A Guide to Mexican Beans & Bean Dishes

There is a certain type of hunger that can only be satisfied by eating Mexican food.

Across the world, there are authentic Mexican restaurants that have taken some of Mexican culture’s most famous dishes and ingredients and cooked their ways into customers’ stomachs and hearts.

One thing that can be intimidating when going to eat is trying to choose from the variety of options available, only to choose something familiar.

Benito’s Mexican Restaurant is happy to be an example of this. We pride ourselves on serving up fresh and authentic Mexican food. To give you some insider tips for your next Mexican restaurant visit, we’ve compiled a quick guide to Mexican beans & bean dishes.

Despite what it can seem like, not all beans are created equally.

This especially holds true to Mexican beans, as there are many types and ways or preparing them, which all can change the type of meal you have.

With these few tips, you’ll be an honorary Mexican food expert in no time.

Black Beans

Black beans or frijoles negros are a healthy bean used in a variety of Hispanic and Latino dishes around the world. These are literally ‘black, and are typically seasoned with ingredients like salt, onions, garlic, oregano and more. Black beans are also known for health benefits such as being loaded fiber, which can help to lower cholesterol and blood pressure.

All our salads come with black beans, Monterey jack cheese, lettuce, tomatoes, sour cream and avocado slices. You can also find them served alongside dishes such as our Blackened Tilapia Tacos and Ceviche Tucateco.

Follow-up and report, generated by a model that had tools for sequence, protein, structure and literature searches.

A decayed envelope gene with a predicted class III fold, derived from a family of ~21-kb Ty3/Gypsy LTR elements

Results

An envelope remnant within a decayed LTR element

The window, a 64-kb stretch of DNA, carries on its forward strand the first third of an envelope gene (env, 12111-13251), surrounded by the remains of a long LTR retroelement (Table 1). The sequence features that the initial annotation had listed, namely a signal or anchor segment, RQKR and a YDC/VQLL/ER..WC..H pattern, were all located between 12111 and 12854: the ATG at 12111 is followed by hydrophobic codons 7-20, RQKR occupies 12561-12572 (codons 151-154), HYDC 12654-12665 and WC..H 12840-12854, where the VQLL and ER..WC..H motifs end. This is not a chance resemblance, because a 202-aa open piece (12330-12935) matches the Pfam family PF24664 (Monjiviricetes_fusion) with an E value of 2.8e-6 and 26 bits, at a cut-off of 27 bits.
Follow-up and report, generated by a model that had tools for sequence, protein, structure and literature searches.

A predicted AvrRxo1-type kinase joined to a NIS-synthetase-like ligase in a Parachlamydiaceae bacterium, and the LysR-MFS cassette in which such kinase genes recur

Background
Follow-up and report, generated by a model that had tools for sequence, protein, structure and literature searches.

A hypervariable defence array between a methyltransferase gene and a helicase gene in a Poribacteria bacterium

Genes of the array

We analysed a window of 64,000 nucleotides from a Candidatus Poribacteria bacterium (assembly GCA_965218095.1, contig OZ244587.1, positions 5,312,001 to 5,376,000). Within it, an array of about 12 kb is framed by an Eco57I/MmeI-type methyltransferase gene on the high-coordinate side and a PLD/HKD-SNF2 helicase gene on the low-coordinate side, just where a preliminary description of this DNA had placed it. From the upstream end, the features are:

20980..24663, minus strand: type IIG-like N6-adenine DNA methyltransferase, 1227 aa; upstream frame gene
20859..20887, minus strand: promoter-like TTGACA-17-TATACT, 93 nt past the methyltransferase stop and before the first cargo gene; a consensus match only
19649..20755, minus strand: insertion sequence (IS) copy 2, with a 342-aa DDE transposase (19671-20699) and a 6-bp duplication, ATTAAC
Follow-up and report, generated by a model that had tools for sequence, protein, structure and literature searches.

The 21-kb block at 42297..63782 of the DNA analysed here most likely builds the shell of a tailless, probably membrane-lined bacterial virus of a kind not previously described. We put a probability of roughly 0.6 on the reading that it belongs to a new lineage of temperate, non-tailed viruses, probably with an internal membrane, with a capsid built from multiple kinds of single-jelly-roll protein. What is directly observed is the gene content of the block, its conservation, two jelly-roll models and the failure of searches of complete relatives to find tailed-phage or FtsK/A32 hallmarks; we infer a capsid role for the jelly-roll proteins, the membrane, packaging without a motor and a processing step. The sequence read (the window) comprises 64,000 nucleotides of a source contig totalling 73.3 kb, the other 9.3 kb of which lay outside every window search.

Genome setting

Pinto Beans

This bean has no relation to the car.

Pinto beans are one of the most common types of beans and considered to be one of the most popular for northwestern Mexico and the United States. In fact, its scientific name, Phaseolus vulgaris, literally means “common bean.”

Like most beans, pinto beans are also loaded with health benefits. They’re low in saturated fat and provide good sources of protein and dietary fiber. Pintos can be served fresh or from a can for a variety of dishes and are often prepared in a mashed and refried form.

If you’ve ever had a burrito, you’ve most likely had the chance to eat pinto beans. At Benito’s, you can find them in dishes like our Huevos Rancheros Special or simply a la carte.

Frijoles Charros

These beans are the best in the wild west.

Frijoles Charros literally translate to “cowboy beans” because they take their name from traditional Mexican cowboys. Our old friend the pinto bean plays the important role of being the dish’s bean of choice, while its preparation is what gives it the charro touch.

Typically, pinto beans are stewed with onion, garlic, and bacon. You can find many versions of these beans often with added meats like sausage, pork, and chorizo to make it into a more filling dish. This dish is usually served warm as a soup or stew and is incredibly popular in Mexican restaurants. We suggest trying it with our Cordorniz a la Mexicana, which comes with Mexican style quail and rice.

Refried Beans

Refried beans are another very common form of beans, which you’ve most likely come across in your Mexican food journey.

Also known as frijoles refritos, this dish is traditional mainstay in both authentic Mexican and Tex-Mex foods. Despite being called refried, “refritos” actually means “well fried,” which is in reference to their preparation of being fried. Our old friend the pinto bean is one of the most common beans used in refried beans, although others can be used as well.

Refried beans are used very often as side dish to entrees for any time of day. Our Chuletas de Puerco features a grilled pork chop, two eggs sunny side up, fried potatoes, and refried beans for breakfast. Our dinner menu features dishes like the Milanesa made with pan fried steak, fried potatoes, and of course, frijoles refritos.

These are just some of varieties of beans which play large roles in Mexican food.

Being an authentic Mexican food restaurant, we at Benito’s are no strangers to using beans in our dishes.

Mexican food is an experience, and we encourage you to explore all the authentic dishes. Your stomach will thank you later.